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A New Normal

Retailers plan for a future of new, pandemic-shaped consumer preferences.

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WHILE WE’RE STILL at the beginning of the end of the coronavirus pandemic and its overwhelming impact on our daily lives, many retailers are considering how COVID-19 has shaped shopper habits over the past year and how they will need to adapt to a post-pandemic world.

According to the Intouch Insight (Fort Mill, S.C.) survey, “Changes in Consumer Habits: A Six Month Comparison of the Evolution of Retail,” consumers have increasingly sought frictionless offerings from retailers, including curbside pick-up (86 percent), delivery (40 percent) and personal shoppers (18 percent). Of those surveyed, 80 percent said they planned to continue to use these new services.

Early in the pandemic last May, Suitsupply (Amsterdam) rolled out freestanding shopping partitions to allow for safe tailoring sessions, and the brand also aimed to reduce in-store traffic while continuing to serve its customers – something it expects to continue after the pandemic. By enabling virtual appointments, customers can browse online offerings with a live style expert and reserve a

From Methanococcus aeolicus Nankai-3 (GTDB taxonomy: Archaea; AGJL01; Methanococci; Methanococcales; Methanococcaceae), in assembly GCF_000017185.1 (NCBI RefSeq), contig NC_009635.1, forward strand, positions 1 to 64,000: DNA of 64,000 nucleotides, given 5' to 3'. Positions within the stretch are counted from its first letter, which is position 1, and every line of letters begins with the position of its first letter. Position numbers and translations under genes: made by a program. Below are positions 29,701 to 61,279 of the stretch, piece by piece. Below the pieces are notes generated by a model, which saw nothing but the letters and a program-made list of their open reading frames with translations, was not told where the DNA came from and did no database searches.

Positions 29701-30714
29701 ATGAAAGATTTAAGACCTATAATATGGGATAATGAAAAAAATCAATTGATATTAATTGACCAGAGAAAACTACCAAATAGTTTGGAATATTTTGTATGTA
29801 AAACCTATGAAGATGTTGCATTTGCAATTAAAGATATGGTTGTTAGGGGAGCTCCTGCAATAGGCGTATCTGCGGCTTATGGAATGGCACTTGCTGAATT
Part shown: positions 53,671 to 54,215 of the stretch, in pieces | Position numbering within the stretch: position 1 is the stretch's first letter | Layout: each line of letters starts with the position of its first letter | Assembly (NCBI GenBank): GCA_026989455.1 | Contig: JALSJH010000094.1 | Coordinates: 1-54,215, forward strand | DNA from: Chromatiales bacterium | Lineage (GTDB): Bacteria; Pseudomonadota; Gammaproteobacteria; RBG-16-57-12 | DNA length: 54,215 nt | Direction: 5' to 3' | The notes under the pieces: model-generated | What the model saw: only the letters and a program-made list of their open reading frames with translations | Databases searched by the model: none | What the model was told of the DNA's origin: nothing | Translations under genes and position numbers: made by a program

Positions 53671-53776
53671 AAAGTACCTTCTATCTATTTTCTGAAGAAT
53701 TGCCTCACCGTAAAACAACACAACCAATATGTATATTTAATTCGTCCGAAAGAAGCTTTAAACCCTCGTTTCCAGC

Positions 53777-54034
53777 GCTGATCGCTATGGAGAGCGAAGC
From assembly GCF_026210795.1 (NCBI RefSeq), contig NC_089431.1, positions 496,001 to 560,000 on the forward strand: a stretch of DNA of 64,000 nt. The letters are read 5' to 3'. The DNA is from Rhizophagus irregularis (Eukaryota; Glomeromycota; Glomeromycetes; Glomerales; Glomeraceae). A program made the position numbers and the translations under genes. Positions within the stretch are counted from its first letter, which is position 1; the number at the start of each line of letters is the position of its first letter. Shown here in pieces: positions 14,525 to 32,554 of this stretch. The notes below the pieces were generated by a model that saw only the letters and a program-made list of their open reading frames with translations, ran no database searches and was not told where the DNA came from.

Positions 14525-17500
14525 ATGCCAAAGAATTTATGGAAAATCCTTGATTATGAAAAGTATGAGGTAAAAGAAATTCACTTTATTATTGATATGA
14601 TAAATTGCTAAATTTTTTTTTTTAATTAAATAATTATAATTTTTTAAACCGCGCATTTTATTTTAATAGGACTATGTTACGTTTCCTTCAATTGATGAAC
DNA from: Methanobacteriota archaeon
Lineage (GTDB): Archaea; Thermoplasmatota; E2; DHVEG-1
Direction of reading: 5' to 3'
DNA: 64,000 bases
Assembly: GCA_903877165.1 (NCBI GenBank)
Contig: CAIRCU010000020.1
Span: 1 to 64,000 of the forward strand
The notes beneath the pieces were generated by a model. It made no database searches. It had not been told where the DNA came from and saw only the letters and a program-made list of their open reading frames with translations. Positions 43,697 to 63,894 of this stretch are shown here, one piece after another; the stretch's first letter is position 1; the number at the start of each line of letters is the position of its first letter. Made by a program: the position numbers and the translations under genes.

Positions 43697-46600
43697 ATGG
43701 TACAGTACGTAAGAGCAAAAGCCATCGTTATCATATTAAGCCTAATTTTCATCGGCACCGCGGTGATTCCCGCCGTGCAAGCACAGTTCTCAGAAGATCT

private try-on session.

It’s not a huge departure from the way Suitsupply has always interacted with shoppers, says CEO Fokke de Jong. “People were exploring our collections on the Internet but shopping in person,” he says. “To have that personal experience – especially with a product like ours – is indispensable. We connect with customers online and finish that journey offline.”

CVS recently partnered with Venmo and PayPal, allowing shoppers to utilize QR code technology to pay with their mobile devices at checkout.

CVS recently partnered with Venmo and PayPal, allowing shoppers to utilize QR code technology to pay with their mobile devices at checkout.

Between January 2020 and the end of the year, CVS Health (Woonsocket, R.I.) observed a 43 percent increase in touch-free transactions. Adapting to shoppers’ needs around cleanliness, the drug store retailer partnered with PayPal and Venmo to integrate QR code technology at the point-of-sale in all 8200 of its stores so shoppers could complete transactions digitally, without having to touch cash or keypads.

“Enhanced digital offerings such as QR code payments offer customers a seamless, touch-free way to pay at the register and is just one way that CVS is evolving to further improve the shopping experience in our stores and better cater to customers,” says Jamie Hill, Divisional Merchandise Manager, CVS Pharmacy.

Innovating within its three-year-old grocery delivery program, Walmart (Bentonville, Ark.) has recently partnered with a “smart cooler” company to allow for 24/7 grocery delivery – reflecting a rising need for contactless grocery shopping (which 39 percent of shoppers say they have taken advantage of in the past year). This spring, customers in the retailer’s hometown will be able to accept grocery deliveries via a secure Internet of Things (IoT)-connected cooler on their front porch.

As consumers go back to their normal workday schedule away from home, these kinds of innovative solutions accommodating customers’ new preferences will be a growing necessity in the retail industry at large.

PHOTO GALLERY (4 IMAGES)

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